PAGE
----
China’s local government-backed financing vehicles had total debt of 14 trillion yuan ($2.16 trillion) at the end of last year, higher than market estimations, but fears over the effect that defaults could have are exaggerated, observers said on Thursday.
“Loans to local government financing vehicles (LGFVs) accounted for less than 30 percent of total outstanding loans at the end of 2010,” the People’s Bank of China said in a financial review report published Wednesday night. Many LGFVs are city-level investment companies that invest for local governments.
Based on that figure, LGFV debt would amount to a maximum of 14 trillion yuan out of total outstanding loans of 47.92 trillion yuan at the end of last year.
That would be equivalent to 35 percent of China’s 2010 GDP and higher than previous estimations of about 10 trillion yuan. Debt has risen since China started its massive economic stimulus package in 2008 and embarked on a lending spree over the last two years.
Local governments, barred from selling bonds or borrowing directly from banks, had set up more than 10,000 financing vehicles by the end of 2010 to raise funds, mostly for infrastructure, the central bank said.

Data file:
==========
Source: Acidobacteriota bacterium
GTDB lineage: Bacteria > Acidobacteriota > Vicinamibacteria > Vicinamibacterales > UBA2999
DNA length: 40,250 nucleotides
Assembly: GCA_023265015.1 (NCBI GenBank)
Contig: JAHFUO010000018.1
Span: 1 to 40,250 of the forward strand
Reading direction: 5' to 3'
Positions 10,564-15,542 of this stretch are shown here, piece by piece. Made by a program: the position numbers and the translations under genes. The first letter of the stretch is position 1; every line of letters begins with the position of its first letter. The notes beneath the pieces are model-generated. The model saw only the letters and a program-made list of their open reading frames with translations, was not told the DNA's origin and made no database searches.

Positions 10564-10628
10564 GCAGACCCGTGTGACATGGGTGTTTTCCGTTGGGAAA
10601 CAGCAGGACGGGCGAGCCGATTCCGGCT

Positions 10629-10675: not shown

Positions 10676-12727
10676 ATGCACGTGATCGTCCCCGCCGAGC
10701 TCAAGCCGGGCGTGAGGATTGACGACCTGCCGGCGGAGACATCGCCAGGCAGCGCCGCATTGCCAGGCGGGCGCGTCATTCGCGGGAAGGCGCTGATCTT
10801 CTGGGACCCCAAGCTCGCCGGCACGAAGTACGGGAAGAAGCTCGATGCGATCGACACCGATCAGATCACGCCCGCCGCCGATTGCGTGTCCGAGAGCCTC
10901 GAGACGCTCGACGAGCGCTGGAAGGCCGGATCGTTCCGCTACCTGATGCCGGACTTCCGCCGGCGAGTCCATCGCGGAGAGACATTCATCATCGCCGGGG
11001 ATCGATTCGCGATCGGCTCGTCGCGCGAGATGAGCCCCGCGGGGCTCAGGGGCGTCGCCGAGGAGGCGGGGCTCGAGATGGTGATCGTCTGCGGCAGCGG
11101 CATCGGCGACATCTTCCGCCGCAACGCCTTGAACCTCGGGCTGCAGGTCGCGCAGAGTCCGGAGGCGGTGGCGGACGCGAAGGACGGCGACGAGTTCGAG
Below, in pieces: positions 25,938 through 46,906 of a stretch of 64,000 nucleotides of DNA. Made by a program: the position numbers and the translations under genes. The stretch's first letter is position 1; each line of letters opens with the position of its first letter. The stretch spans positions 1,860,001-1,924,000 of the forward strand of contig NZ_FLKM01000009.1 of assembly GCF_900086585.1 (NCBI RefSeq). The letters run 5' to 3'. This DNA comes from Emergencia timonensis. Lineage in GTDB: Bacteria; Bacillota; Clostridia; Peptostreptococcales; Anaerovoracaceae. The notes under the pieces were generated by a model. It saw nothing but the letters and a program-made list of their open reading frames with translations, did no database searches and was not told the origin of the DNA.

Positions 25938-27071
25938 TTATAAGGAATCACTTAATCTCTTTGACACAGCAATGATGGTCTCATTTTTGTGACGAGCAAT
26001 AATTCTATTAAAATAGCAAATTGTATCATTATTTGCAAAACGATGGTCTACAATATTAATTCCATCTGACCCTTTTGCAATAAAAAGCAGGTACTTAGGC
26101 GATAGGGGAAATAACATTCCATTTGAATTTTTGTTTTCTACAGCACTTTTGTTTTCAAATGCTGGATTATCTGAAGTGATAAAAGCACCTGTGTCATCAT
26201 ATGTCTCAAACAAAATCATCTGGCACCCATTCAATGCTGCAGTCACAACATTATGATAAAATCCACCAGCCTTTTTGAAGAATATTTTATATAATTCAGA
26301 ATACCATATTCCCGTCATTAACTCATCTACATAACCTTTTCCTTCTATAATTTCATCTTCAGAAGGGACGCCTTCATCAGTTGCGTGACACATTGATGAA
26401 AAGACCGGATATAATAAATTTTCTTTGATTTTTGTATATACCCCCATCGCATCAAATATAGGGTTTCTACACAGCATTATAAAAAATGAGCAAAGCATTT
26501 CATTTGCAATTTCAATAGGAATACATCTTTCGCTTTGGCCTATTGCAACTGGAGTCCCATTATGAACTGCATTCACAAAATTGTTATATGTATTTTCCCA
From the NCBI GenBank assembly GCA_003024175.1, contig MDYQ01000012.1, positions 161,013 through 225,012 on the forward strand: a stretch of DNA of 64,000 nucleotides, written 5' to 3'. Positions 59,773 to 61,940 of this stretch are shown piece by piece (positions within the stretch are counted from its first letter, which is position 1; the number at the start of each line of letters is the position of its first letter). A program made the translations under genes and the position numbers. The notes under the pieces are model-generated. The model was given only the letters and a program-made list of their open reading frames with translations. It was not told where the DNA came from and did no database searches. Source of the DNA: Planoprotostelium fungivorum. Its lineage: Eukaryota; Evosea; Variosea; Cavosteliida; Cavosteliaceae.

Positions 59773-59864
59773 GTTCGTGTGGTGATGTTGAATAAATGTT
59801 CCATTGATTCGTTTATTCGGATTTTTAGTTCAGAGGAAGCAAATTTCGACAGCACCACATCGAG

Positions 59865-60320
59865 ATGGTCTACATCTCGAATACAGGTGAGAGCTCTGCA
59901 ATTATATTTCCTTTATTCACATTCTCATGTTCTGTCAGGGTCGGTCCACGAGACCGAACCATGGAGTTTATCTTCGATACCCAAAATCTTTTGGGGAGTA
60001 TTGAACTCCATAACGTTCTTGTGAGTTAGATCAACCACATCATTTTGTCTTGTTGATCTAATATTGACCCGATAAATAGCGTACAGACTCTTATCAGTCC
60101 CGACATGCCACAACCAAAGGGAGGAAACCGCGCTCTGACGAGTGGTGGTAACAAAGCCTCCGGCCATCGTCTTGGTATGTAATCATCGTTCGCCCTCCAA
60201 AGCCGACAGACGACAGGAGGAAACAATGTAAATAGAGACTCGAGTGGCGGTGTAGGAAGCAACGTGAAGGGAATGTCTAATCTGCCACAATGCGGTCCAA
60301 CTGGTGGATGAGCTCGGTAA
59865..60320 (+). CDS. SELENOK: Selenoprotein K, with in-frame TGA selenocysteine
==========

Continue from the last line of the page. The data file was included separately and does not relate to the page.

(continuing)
LGFVs are backed by local government revenues, which mainly come from land sales.
But tightened monetary policy, efforts to rein in soaring housing prices and the limited land resources have prompted fears that some LGFVs will not be able to repay their loans.
More than half OF the LGFVs had borrowed long-term loans lasting five years, which were mainly invested in low- and slow-return infrastructure projects, so the credit default risk may be substantial, Bian Xiaoyu, a banking sector analyst with CIC industry research center, said.
Local media reported that policymakers might allow local governments to issue bonds as a way of clearing some of the 2-3 trillion yuan debts that LGFVs may fail to repay.
However, “LGFV defaults could cause liquidity problems for banks but won’t actually bankrupt them,” Liu Ligang, head of China economics with ANZ Banking Group, said.
LGFV non-performing loans (NPLs) could push up the Chinese banking sector’s overall NPL ratio to 6-8 percent from its current level of less than 2 percent, but wouldn’t lead to risks of system failure, Liu said.
Local governments can also sell equities in local assets including city commercial banks and State-owned enterprises to private companies or individual investors in exchange for cash to pay back loans, he said.